Council Moves Forward to Remove Troy Motel, City Sidewalk Improvement Project

Main Street Lamar, Co

Correction on November 11, 2020 City Council Article

(Editor’s Note)

A portion of this article originally stated Prowers County received $592,062 in CARES Act funding from the state. Actually, that amount was funded to the City of Lamar while Prowers County received $452,139 which includes Holly, Granada, Hartman and Wiley. Prowers County Commissioner, Wendy Buxton-Andrade pointed out the county is administering funds for the smaller municipalities and their funds will be used for their businesses and unincorporated county funds will be used for businesses that are applying in the unincorporated areas.

 

Lamar City Administrator, Steve Kil, reviewed three projects currently underway for Lamar during the council’s November 9th meeting.

The Colorado Partnership for Education and Rural Revitalization, or COPERR, to benefit both construction trades education and housing needs in southeastern Colorado, has been awarded $5 million from Colorado Attorney General, Phil Weiser. The funds will be used by Lamar Community College, Otero Junior College and Trinidad State Junior College to develop skilled trades programs. The program is funded through money the state received from the national mortgage settlement; a settlement reached in 2012 after 49 states sued mortgage servicers after the 2008 financial crisis. The communities will make use of those skills to improve blighted housing and housing shortages in the participating communities.

Kil said the city and LCC have partnered to address these concerns in Lamar and Prowers County. The college is seeking an “On-Site Instructor and Project Manager” for the COPERR program with a review of applicants set for November 13th and final interviews before the month’s end. He added an intergovernmental agreement is being developed, first with the state attorney general’s office and once that has been concluded, a separate IGA will be offered between the college and the city.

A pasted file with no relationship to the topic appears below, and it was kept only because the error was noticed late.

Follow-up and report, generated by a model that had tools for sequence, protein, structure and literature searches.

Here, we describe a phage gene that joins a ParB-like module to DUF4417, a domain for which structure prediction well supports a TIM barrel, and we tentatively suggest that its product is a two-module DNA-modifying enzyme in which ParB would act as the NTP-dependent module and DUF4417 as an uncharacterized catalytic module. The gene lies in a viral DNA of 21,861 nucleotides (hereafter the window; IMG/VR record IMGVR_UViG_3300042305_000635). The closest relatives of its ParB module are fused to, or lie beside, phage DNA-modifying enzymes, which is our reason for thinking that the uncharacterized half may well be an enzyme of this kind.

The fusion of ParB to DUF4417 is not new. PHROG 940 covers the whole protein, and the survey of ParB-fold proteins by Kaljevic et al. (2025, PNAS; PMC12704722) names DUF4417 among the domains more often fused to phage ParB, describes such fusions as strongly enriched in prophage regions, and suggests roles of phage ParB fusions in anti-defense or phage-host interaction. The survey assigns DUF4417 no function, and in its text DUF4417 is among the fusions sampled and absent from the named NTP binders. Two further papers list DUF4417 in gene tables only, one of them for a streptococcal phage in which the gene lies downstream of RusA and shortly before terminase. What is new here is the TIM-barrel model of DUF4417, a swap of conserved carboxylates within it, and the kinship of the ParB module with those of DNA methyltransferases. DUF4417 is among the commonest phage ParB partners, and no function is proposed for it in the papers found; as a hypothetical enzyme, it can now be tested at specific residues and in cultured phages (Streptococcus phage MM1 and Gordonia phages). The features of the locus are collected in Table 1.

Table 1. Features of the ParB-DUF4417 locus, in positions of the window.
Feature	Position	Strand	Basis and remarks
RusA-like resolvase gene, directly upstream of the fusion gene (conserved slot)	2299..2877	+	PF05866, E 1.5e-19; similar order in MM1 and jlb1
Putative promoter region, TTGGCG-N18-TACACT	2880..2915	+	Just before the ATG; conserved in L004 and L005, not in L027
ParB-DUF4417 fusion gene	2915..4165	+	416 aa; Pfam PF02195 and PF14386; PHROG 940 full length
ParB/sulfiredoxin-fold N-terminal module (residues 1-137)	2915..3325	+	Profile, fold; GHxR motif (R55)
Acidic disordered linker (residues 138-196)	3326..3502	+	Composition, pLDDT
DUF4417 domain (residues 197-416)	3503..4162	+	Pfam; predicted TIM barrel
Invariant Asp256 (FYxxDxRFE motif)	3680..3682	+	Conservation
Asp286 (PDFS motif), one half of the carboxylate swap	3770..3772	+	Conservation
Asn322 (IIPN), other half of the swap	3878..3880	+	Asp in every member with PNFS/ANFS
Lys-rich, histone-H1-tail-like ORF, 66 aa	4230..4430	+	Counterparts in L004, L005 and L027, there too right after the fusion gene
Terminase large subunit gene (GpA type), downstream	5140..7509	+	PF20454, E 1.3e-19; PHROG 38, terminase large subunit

Some city sidewalks are slated for improvement. CDOT has awarded Lamar a $50,000 grant to replace several sections of sidewalk that are a hazard to pedestrians. Those businesses that front the sidewalk areas are: The Max, Las Brisas, Davies Hotel, Grandpas, J & N Shoes, Wilson Building and Vendor’s Gallery. A private contractor will replace sections of the sidewalk and city crews will remove the old sections. These sidewalks are not fronting Main Street, but run perpendicular to it, adjacent to the businesses listed. The city’s public works department will complete the sidewalk sections once a private company has removed the broken areas.

Required construction documents for revitalizing the Main Café are being funded by a $61,005 grant from the Department of Local Affairs. Earlier this fall, the city council accepted a $15,000 grant and awarded the Historical Structural Assessment contract to the firm, Form Works.

The demolition of the Troy Motel on South Main Street is moving forward. The city accepted the bid from Regional Asbestos as one of seven submitted to the council for the abatement and demolition of the empty building. Bidding ranged between $206K to $562K for the project. Regional Asbestos had the most competitive offer at $119K. The city will use $71,884 in funding secured by Building Inspector, Craig Brooks, from the Colorado Department of Public Health and Environment. As a cost saving measure, the public works department will handle the demolition.